Salmonella Sprout Recall Expanded

A <"">Salmonella outbreak linked to alfalfa sprouts has been expanded to include all of Tiny Greens’ alfalfa sprouts over the potential for contamination, said the News-Gazette.

The farm previously recalled three different lots of alfalfa sprouts: 348, 350, and 354 of its 4-ounce spicy sprouts (alfalfa, radish, and clover) and 4-ounce, 1-pound, 2-pound, and 5-pound alfalfa sprouts with sell-by dates of Dec. 29, Dec. 31 and Jan. 4, said the News-Gazette. The expanded recall now includes all products containing alfalfa sprouts on the market with lot numbers from 305 through 348 and with sell-by dates from Dec. 16 to Dec. 29. Recalled products were distributed in Illinois, Indiana, and Missouri and could be restaurants and supermarkets, noted the News-Gazette. The recall does not involve organic sprouts, which have been—and continue to be—grown from organic seeds; only nonorganic sprouts are involved.

The U.S. Food and Drug Administration (FDA) just issued an advisory that people not eat alfalfa sprouts and spicy sprouts, which contain alfalfa, radish, and clover sprouts, from Tiny Greens, said the News-Gazette. According to the FDA, the outbreaks have been reported in Illinois and other states in the Midwest.

Tiny Greens’ owner, Bill Bagby Jr., said on its recent visit to his facility that the FDA asked him to avoid using certain seeds to grow alfalfa sprouts; the seeds have been destroyed, said the News-Gazette.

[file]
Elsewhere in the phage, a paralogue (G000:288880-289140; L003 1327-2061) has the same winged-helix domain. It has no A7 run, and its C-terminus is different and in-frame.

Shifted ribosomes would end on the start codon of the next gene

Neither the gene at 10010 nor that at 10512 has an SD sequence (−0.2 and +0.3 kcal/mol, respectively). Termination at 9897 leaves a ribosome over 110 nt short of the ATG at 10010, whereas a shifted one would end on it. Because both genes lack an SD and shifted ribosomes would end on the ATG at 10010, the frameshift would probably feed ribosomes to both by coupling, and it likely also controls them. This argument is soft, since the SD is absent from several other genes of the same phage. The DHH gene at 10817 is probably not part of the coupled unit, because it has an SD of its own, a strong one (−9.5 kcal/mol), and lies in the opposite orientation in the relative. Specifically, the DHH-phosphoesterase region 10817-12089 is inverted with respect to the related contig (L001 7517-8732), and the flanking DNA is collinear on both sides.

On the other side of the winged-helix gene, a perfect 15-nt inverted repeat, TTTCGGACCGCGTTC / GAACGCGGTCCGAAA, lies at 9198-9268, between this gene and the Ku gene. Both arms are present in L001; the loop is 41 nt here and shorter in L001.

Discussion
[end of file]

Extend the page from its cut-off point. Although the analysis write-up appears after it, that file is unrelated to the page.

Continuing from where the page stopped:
The outbreaks have sickened 94 people in 16 states and the District of Columbia, according to the U.S. Centers for Disease Control and Prevention (CDC). Initial cases began being reported on November 1st, said CNN, previously. It seems that many of those sickened ate alfalfa sprouts in Jimmy John’s sandwich products; according to the FDA, the recalled sprouts came from Tiny Greens Organic Farm and, said the News-Gazette, preliminary reports point to a link with the outbreak and Tiny Greens sprouts at Jimmy John’s.

FDA spokeswoman, Siobhan DeLancey, noted that prior recalls involving sprouts in the United States revealed seeds as being the most probable cause of contamination, said the News-Gazette. “It is very difficult to sanitize alfalfa seeds. If you look at one under a microscope you’ll see there are a million places for bacteria to hide,” said Bagby, quoted the News-Gazette.

“While the FDA has not ruled out that a portion of the parent seed lot was the source, we have not seen similar outbreaks in other parts of the country to which the same lot of seed was distributed,” DeLancey said, reported the News-Gazette. Testing is ongoing.

“It is entirely possible that we may never find the same strain of salmonella that caused the outbreak, as this has historically been a challenge in outbreak investigations, especially as time progresses from the contamination event,” DeLancey said.

We have long been writing that sprouts present a unique food borne contamination challenge in that they can become tainted prior to harvesting, when growing. The conditions required for sprout growing are optimal for growing pathogens: Bacteria need the right temperature, nutrients, and water and sprouts grow in watery, warm environments, ideal for rapid bacterial growth. Because sprouts are often eaten raw with no additional treatment, such as cooking, which eliminates bacteria, washing sprouts does not necessarily remove bacteria because bacteria grow within the sprouts and cannot be washed away.

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